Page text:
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Agile Health IT Infrastructure Critical to Healthcare’s Future

Agile health IT infrastructure is essential to enabling healthcare organizations to respond to changes in care access and delivery.

The healthcare industry’s response to the coronavirus pandemic has made clear the need for greater agility, especially in health IT infrastructure.

Healthcare organizations in hotspot and non-hotspot areas have faced the challenge of supporting both a remote workforce and a surge in telehealth. FAIR Health, an independent nonprofit that maintains manages the largest database of privately billed health insurance claims in the US, recently reported an 8,336-percent increase nationally in telehealth claim lines from 0.15 percent in April 2019 to 13% in April 2020. That figure is nearly double the difference between March 2019 and March 2029.

In a recent panel discussion about how COVID-19 has impacted the clinical IT landscape, Pure Storage's Epic Alliance Manager Jon Kimerle emphasized that health IT infrastructure underpins the expansion of remote work and telehealth but raises financial concerns for many organizations.

According to Kimerle, a “strict hold on cash” couple with the need to expand is driving “interest in financial flexibility for infrastructure expansion that maybe historically was more capital expense and moving that more through a cloud-like consumption model.”

A silver lining of the global pandemic remains its positive impact on accelerating digital transformation in an industry that has historically lagged behind others.

“Take the remote worker use case in this pandemic response,” Kimerle observed. “Often, we don't necessarily think of digital transformation as enabling remote workers. It's usually more virtual business and telehealth, but it is very instructive of the organization's agility.”

How healthcare organizations have responded is indicative of their agility at the organization level, Kimerle added. Comparing industry leaders and laggards, agility is evidenced by the speed with which some organizations could transition to the new normal.

“In mid to late March, I was speaking with a senior VP at a Fortune 100 company. His responsibilities were around digital transformation. They were primarily an organization that worked on-premises, and there wasn't very much remote work, so they had a tremendous amount of work taking their main applications and getting them enabled in a virtual desktop environment,” Kimerle explained.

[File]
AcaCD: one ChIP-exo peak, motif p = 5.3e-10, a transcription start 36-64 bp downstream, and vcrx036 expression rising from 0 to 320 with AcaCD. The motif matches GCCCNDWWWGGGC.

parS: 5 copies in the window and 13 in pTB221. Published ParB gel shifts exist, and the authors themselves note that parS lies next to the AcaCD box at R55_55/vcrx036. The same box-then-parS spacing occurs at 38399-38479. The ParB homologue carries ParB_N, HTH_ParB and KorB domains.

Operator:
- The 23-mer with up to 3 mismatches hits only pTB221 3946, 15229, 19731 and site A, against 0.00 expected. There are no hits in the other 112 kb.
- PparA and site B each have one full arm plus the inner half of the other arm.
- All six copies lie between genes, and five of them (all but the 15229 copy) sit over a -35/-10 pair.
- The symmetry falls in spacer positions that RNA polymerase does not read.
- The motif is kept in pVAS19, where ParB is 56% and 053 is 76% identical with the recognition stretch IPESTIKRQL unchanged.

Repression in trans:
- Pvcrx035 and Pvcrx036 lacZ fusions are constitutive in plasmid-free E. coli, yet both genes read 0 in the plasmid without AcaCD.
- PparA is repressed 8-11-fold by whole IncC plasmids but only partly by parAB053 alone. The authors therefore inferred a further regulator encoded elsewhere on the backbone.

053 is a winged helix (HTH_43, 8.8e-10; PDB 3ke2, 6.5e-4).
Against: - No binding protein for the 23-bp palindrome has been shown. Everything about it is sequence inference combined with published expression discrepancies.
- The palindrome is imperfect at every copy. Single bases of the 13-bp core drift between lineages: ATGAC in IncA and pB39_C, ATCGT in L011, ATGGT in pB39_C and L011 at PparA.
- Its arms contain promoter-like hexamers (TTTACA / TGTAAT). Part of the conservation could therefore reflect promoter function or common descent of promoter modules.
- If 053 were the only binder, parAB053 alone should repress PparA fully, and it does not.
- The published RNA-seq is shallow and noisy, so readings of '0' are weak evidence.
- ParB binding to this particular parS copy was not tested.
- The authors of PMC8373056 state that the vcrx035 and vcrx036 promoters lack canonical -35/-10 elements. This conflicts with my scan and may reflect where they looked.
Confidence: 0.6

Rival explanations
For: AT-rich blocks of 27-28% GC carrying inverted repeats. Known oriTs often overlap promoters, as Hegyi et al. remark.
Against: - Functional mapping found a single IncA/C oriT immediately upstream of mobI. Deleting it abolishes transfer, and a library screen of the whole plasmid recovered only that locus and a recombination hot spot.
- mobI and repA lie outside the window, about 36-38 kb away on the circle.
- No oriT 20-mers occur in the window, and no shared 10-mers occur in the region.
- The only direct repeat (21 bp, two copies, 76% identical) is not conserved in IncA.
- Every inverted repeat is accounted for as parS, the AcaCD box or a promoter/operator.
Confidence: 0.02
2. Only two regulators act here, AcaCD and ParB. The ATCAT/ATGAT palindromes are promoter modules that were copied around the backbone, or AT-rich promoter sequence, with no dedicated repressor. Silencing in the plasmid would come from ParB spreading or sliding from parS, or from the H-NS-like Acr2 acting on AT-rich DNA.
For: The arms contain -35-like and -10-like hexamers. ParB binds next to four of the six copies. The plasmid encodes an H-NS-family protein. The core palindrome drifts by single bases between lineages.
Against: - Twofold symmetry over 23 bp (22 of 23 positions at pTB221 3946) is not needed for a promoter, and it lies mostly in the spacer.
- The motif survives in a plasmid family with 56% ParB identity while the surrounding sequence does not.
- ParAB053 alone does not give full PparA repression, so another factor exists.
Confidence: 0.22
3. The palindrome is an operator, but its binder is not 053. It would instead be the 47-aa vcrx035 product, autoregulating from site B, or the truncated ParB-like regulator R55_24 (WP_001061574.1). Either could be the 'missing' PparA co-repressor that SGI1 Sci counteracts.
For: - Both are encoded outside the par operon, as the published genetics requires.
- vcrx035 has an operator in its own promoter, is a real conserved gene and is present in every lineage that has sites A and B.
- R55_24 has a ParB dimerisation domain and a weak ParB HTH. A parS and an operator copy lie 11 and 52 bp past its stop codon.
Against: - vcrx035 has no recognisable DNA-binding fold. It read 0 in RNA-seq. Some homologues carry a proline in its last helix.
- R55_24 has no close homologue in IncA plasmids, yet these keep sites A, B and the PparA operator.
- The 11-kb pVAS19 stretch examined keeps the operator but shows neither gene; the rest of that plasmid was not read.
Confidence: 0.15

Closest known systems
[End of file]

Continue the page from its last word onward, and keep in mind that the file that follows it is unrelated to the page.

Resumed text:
“That was a big challenge,” he continued. “It was one that they could move through, but if you can contrast that with some other organizations that already had their main applications enabled in a virtual desktop environment, they simply just scaled up the number of VDI users. The underlying symptom is agility, and the root cause of the lack of agility are environments where there's excessive complexity, silos, and a lack of automation.”

The pandemic has hit all industries hard, but healthcare is “unique” given that care delivery is at the heart of turning the tide on the novel coronavirus and that much of its existing infrastructure struggled to deliver a digital experience on par with other industries.

“We have the shared experience of going through this pandemic, and often for us, it's a world in which we are leaning much more heavily on digital experiences,” Kimerle maintained. “And during the lockdown, there's definitely more reliance on the digital interactions. From a consumer expectation perspective, healthcare's equilibrium has been punctuated, and there'll be a significantly higher degree of expectation for digital experiences.”

The challenge for healthcare organizations moving forward is balancing the need for greater agility and the scarcity of financial resources. The economic impact of lockdown measures further underscores the importance of financial flexibility to enable these organizations to implement IT infrastructure necessary to deliver impactful digital experiences to patients.

“This year's net income is next year's capital, so my sense is that the next round of investments into the technologies and the capabilities are going to have to be very focused,” Kimerle said. “Out of scarcity and the need to move, there's going to be a focus that maybe wasn't present before. Actual capital availability could be very constrained for a number of years. Along with just technology, there's going to have to be a fundamentally different business model that goes along with the one that has a lot of financial flexibility for the way it's paid for.”

Now more than ever before, healthcare organizations must choose strategic technology partners that can provide state-of-the-art IT infrastructure that makes the most of an organization’s financial resources.

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